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SPF Records

Are you receiving bounced emails due to SPF?

     
8:48 pm on Jan 16, 2006 (gmt 0)

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Have you ever received a bounced email that states the recipients server rejected the message due to an SPF Policy? Well, I learned something today that may cause that bounced email.

Our clients have two options for their SMTP. They can either use our SMTP, or the one provided by their ISP. We recommend that they use their ISPs SMTP for a variety of reasons.

If your client is using their ISPs SMTP, then you need to configure your SPF Record to reflect that. When generating an SPF Record using the tool provided by the Official SPF Website [openspf.org], there is a section that asks this question...

Do any other servers send mail from www.example.com?

For clients using their ISPs SMTP, you need to add an argument to your record to reflect the IP address of the ISPs mailserver for that client. The SPF Website states this...

You can describe them by giving "arguments" to the a:, mx:, ip4:, and ptr: mechanisms. To keep the wizard short we left out ptr: but it works the same way.

To use a live example with generics, this is what your SPF Record might look like for a client who uses their ISPs SMTP...

"v=spf1 a mx:00-00-000-000.sub.example.com ~all"

If you follow the instructions provided by the SPF Wizard, you should be able to set up a correct SPF Record that will prevent emails from being rejected due to SPF Policies.

If you are sending to AOL and/or Earthlink accounts, you will need to have SPF records in place if you expect your emails to end up at their final destinations. ;)

Anybody here understand this in depth? If so, care to share your SPF experiences with us?

2:06 am on Jan 17, 2006 (gmt 0)

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I'm not going to try and tell you that I am an expert but I will tell you that we have not embraced SPF yet and have not had one issue, not a single one. I've done my fair share of research on SPF and still have my reservations.


If your client is using their ISPs SMTP, then you need to configure your SPF Record to reflect that.
[...]
If you are sending to AOL and/or Earthlink accounts, you will need to have SPF records in place if you expect your emails to end up at their final destinations. ;)

Humbly now mind you, I respectfully disagree. And I wouldn't just make that statement without background and experience. I'll explain myself ...

Since I first heard and learned of SPF I have been testing. I setup our environment internally where one of our heavy email users uses the ISP mail servers whereas my machine uses our domain email server. Never setting up SPF records we have been rolling along just fine. Now, that is just internal...

We also have a mixed lot of clients using a very large amount of email addresses (hundred thousands) on a very diverse collection of domains that are using both shared servers as well as their own ISP mail servers and have yet to run into any issues. Not one. We have not yet embraced SPF and still have no need. Many of these clients run AOL email accounts with name-branded forwarding addesses without issue. I can't say if I know of any off-hand using earthlink though. aol, hotmail, email, mail ... yes, but I cannot confirm earthlink. All without SPF records, and all without issue. That is, of course, unless they haven't told us about issues encountered ;)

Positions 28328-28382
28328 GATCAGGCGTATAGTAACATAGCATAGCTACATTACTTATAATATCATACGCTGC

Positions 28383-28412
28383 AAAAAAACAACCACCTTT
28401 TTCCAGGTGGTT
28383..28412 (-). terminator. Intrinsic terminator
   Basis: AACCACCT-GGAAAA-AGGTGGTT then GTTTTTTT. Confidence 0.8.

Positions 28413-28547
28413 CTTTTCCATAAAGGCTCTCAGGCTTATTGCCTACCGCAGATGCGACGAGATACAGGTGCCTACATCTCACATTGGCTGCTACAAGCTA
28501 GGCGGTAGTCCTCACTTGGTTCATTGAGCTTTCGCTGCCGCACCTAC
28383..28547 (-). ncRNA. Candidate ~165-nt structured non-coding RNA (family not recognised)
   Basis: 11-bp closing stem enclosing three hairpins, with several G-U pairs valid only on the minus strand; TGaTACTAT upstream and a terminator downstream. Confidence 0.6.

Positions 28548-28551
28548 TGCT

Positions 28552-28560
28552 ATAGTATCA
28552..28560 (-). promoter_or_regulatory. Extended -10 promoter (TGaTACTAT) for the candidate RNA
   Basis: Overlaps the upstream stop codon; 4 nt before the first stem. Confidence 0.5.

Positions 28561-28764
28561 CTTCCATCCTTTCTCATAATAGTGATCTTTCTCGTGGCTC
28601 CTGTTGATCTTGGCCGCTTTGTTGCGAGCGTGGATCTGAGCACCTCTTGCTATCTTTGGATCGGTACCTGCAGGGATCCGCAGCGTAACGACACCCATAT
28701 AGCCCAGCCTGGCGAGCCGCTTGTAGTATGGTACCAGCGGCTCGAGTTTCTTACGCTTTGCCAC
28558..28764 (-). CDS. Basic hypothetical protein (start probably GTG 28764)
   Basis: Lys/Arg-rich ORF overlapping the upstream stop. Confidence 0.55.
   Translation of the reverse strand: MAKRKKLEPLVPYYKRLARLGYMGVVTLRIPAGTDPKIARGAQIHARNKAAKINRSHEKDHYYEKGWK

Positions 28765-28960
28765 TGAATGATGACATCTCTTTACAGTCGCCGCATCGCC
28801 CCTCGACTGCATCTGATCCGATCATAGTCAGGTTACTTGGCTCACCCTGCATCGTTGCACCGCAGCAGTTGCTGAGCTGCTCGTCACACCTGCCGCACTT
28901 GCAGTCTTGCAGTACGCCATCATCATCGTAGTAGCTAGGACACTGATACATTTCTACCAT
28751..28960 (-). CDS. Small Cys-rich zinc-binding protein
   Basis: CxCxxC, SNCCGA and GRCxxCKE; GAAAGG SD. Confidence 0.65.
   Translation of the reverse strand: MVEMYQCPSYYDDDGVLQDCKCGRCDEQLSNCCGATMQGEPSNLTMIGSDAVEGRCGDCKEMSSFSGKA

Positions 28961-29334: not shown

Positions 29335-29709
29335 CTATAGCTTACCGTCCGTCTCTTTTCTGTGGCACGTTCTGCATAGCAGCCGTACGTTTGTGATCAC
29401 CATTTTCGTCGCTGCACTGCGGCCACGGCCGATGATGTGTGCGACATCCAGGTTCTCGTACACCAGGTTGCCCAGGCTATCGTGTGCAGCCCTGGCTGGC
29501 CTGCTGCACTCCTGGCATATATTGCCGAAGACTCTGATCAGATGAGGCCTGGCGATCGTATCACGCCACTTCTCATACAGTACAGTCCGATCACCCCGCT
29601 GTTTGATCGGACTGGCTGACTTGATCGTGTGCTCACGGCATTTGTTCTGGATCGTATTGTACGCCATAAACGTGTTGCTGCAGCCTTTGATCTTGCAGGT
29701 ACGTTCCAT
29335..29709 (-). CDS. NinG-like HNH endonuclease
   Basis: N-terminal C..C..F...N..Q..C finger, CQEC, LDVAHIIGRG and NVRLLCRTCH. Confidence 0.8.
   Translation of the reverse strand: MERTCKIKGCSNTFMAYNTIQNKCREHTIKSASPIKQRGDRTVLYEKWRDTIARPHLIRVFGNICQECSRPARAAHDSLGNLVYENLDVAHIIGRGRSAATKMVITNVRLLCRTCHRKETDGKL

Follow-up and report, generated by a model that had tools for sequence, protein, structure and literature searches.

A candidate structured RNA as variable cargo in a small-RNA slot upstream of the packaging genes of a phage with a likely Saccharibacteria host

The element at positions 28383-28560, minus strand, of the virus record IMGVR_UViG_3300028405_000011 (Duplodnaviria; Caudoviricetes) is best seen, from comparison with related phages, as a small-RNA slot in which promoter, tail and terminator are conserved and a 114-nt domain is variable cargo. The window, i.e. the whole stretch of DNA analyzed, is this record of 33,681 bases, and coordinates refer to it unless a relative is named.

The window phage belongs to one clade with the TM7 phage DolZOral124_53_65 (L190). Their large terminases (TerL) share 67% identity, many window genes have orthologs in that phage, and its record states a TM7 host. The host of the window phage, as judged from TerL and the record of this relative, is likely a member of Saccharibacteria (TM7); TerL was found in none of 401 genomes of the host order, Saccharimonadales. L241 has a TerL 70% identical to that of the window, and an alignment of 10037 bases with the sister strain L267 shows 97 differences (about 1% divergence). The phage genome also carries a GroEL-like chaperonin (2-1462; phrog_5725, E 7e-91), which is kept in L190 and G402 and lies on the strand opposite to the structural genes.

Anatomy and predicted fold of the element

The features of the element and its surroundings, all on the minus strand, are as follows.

That's my experience to date ... looking forward to hearing others.

3:49 pm on Jan 17, 2006 (gmt 0)

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Keep in mind that on a Microsoft server that the quotes are not needed, in fact they might cause problems.

I have used [microsoft.com...] to help create an SPF record for use on Windows servers

-Corey

8:59 pm on Jan 17, 2006 (gmt 0)

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at my previous job email was our bread and butter and we did have an spf record.

did it help? I don't know but I couldn't take the risk that not having it might hurt. Getting emails through to as many people as possible was very important and I took every precaution. The thing is that there are so many other factors involved.

reverse dns records and email content for example. If the emails are all personal emails (not automated) I doubt you will ever have problems. If you are sending out a lot of similar emails that an ISP could profile then you may notice that an SPF record helps, but then again maybe not.

I hate the fact that AOL (and wasn't there someone else too) is trying to drive it down people's throats ad I don't agree with it but if it helps then I don't really have a choice.

4:33 am on Jan 24, 2006 (gmt 0)

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I don't think the problem is so much NOT having SPF records, but if you DO have SPF records, then they need to accurately reflect the mail servers for the domain.

If you don't have any SPF at all, you're not penalized in most cases, but if you do, and it doesn't list the server you're sending through, then I would expect bounces.

I have SPF just because ... well, it doesn't seem to hurt anything, but I do make sure that all my MX bases are covered also. For awhile, I forgot to put in the server that my site is actually hosted on (since it sends emails for various things) and I did get a few bounces. Since then, I put in the servers themselves, as well as my own SMTP servers.

JK